Note that with a resistive load, where voltage and current are in phase, the 2KΩ resistor will impose a 25° lag before VT energizes the gate drive after the triac commutes off. This reduces the average load power realized to about 90%.
The T635-T is a 800V, 6-A triac. It has a dV/dt of 6-10,000V/μsec and does not require a snubber with normal inductive loads (IL4208’s triac is also snubberless). At IT(RMS) = 0.4 A, about the high end of the average bathroom exhaust fan, it dissipates 0.4W. It can dissipate 2W at 2.1A (a 250W load), enough for a 150W bulb too, but not an electric heater, without a heat sink.
A snubber circuit with a 220Ω resistor R15 and a 0.18µf capacitor C7, not for the usual triac dV/dt protection which the T635 does not need, enhances the turn on of the triac. The triac commutes off at −IHOLD and does not turn back on to stay on until the load current reaches ILATCH of +15 mA or so about 120 µsec later. Without the snubber the triac will cycle on and off about 8 times every half cycle before turning on fully, producing unwanted RFI.
When the triac commutes off, the snubber capacitor will charge through the 220Ω resistor to about 24V. It will then discharge when the triac turns on, initially at 104 mA, adding to the load current, which at this point is nil. Its discharge is sufficient to keep the total triac current higher than ILATCH for more than 120 µsec, eliminating the oscillations.
The snubber will draw about 8 mA(RMS), 2% of the normal load when the fan is off. The snubber capacitance has nil affect on power factor.
The circuit has a transformerless capacitive power supply. Average AC current = C(dv/dt) = 4VPEAK(f)(C) through a capacitor, which acts like a current source. The 0.47µf/330VAC, self-healing metalized film, X-1 safety rated feed capacitor delivers 19+ mA current. The circuit draws 15.1 mA when ON and 7.4 mA when OFF. The excess current is drained through the zener diode. A 1-A fuse is added for capacitor fail short fire protection, and a 22MΩ bleeder resistor around the capacitor is included for shock prevention.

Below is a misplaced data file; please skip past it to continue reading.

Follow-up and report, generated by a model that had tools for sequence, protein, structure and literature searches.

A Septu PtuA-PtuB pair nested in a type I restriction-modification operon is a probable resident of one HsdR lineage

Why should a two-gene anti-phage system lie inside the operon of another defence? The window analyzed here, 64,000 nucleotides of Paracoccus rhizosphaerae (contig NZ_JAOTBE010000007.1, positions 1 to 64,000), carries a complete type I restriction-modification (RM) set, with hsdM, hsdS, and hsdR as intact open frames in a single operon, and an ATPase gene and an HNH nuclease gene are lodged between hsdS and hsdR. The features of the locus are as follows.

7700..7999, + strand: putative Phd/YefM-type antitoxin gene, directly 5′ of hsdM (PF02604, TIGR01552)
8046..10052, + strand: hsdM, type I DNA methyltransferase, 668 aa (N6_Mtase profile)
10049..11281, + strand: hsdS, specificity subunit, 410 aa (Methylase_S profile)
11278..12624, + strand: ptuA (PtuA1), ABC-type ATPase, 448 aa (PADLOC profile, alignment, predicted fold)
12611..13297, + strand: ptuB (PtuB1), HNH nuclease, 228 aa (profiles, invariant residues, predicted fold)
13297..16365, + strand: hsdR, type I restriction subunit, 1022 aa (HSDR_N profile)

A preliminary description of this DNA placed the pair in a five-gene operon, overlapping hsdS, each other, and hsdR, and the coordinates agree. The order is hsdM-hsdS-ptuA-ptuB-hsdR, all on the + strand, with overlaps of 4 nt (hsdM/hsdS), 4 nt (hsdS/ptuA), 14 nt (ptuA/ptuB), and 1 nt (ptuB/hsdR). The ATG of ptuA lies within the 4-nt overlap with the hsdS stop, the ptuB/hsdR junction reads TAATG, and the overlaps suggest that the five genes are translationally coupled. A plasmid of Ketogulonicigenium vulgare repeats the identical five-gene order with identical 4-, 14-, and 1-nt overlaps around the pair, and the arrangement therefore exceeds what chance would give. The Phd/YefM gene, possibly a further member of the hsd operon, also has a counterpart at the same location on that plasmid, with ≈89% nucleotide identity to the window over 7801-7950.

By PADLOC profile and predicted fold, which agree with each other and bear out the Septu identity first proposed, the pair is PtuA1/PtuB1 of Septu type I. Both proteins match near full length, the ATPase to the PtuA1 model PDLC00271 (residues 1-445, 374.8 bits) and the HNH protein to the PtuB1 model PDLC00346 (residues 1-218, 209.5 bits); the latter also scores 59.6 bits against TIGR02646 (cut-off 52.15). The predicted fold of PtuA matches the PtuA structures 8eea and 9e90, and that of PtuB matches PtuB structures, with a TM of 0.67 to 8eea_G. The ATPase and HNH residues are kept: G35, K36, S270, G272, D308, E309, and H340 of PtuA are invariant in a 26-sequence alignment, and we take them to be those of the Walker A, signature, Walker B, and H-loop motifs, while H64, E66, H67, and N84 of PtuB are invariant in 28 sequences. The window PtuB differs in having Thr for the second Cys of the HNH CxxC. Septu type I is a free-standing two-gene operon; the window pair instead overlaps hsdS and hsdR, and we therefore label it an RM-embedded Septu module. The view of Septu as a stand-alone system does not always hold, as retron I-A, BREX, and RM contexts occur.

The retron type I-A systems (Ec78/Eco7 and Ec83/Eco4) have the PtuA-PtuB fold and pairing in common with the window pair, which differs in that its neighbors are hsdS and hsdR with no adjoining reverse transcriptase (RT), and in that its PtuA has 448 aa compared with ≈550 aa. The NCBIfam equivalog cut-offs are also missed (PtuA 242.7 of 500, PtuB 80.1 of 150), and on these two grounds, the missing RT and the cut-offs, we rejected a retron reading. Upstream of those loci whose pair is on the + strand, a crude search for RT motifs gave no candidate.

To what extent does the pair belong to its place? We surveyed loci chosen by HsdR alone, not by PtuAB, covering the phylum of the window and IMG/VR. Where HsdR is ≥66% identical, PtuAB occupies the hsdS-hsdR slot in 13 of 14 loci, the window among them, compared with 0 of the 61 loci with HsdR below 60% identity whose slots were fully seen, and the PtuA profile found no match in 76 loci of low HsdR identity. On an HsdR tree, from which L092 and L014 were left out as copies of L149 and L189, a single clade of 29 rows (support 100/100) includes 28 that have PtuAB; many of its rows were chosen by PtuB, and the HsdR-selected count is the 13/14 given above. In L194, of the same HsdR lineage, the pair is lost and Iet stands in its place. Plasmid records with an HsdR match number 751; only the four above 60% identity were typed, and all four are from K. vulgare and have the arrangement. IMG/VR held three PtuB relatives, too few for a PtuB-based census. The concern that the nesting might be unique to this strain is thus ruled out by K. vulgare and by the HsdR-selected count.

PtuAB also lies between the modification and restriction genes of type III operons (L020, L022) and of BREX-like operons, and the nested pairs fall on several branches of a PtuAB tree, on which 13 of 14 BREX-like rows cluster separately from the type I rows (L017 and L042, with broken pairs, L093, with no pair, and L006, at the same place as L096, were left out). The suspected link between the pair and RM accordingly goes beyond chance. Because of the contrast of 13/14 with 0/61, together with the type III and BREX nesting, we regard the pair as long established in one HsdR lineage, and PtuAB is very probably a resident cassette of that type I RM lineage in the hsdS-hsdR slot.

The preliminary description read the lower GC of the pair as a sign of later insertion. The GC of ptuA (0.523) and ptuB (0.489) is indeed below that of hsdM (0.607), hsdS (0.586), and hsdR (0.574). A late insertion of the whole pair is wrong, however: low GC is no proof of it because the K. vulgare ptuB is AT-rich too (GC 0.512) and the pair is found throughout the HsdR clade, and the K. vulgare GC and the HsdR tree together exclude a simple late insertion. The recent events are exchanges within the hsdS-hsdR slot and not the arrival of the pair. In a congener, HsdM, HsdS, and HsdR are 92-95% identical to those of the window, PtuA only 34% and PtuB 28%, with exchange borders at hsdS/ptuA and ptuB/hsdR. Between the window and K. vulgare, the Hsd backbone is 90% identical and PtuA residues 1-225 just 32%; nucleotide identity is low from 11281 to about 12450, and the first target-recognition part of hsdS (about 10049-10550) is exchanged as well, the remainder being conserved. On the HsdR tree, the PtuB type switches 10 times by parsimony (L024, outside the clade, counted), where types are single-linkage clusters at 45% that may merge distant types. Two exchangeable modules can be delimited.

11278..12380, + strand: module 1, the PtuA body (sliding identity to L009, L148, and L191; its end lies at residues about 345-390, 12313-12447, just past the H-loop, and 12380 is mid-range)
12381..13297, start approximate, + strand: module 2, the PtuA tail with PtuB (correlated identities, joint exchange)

A 33Ω/2W current limiting resistor limits the inrush surge current to 5.2A for about 16µsec. All six components that see this inrush current, the feed capacitor, limit resistor, fuse, bridge rectifier, zener, and filter capacitor, can handle the 5.2-A surge. The 820μf filter capacitor has about a 0.6% ripple factor. The 0.1µf C5 further filters VD to the 4060. A 400-A varistor protects against line power spikes.
Connecting the mains
Connecting to the mains might seem trivial, but it is not. Most example triac control circuits simply show the power supply appearing magically off to the left, as if provided by the tooth fairy.
The circuit requires direct connections to both the hot and the neutral mains ─ neither line nor neutral can connect through the load. This requires mains access at the wall switch box. If the mains access is at the ceiling fixture it will work if: (1) neutral is connected to the load and hot bypasses the load, which is standard house wiring protocol, and (2) the code is violated by using the green ground wire for the circuit’s neutral. This puts an insignificant 19 mA on the mains ground, but is nonetheless a code violation. With an unlikely GFCI in the fan’s circuit main, this use of the ground wire could cause false tripping.
The switch is a 16mm (9/16″) PV6 series PB switch with an LED backlight from E-Switch. Any momentary (ON) PB switch will do. The circular blue LED is driven at 7.5 mA through its VF of 2.68V and the 1.2-K dropping resistor (R8). PV6 switches have other LED colors.
The circuit mounts in the switch wall box in lieu of the normal toggle switch. I used a BUD utility box, CU-18425 (3.56″×2.03″×1.65″ – a snug fit in a wall box), along with a dual switchplate from Kyle. The PCB is 2.58″×1.8″. Figures 2 and 3 are images of the PCB layout and the completed board. Wire connections are 16 to 18 gauge stranded wires from pads to the mains; 18-22 gauge wires from pads to the PB switch, its LED, and for the R10 to IL4208 jumper.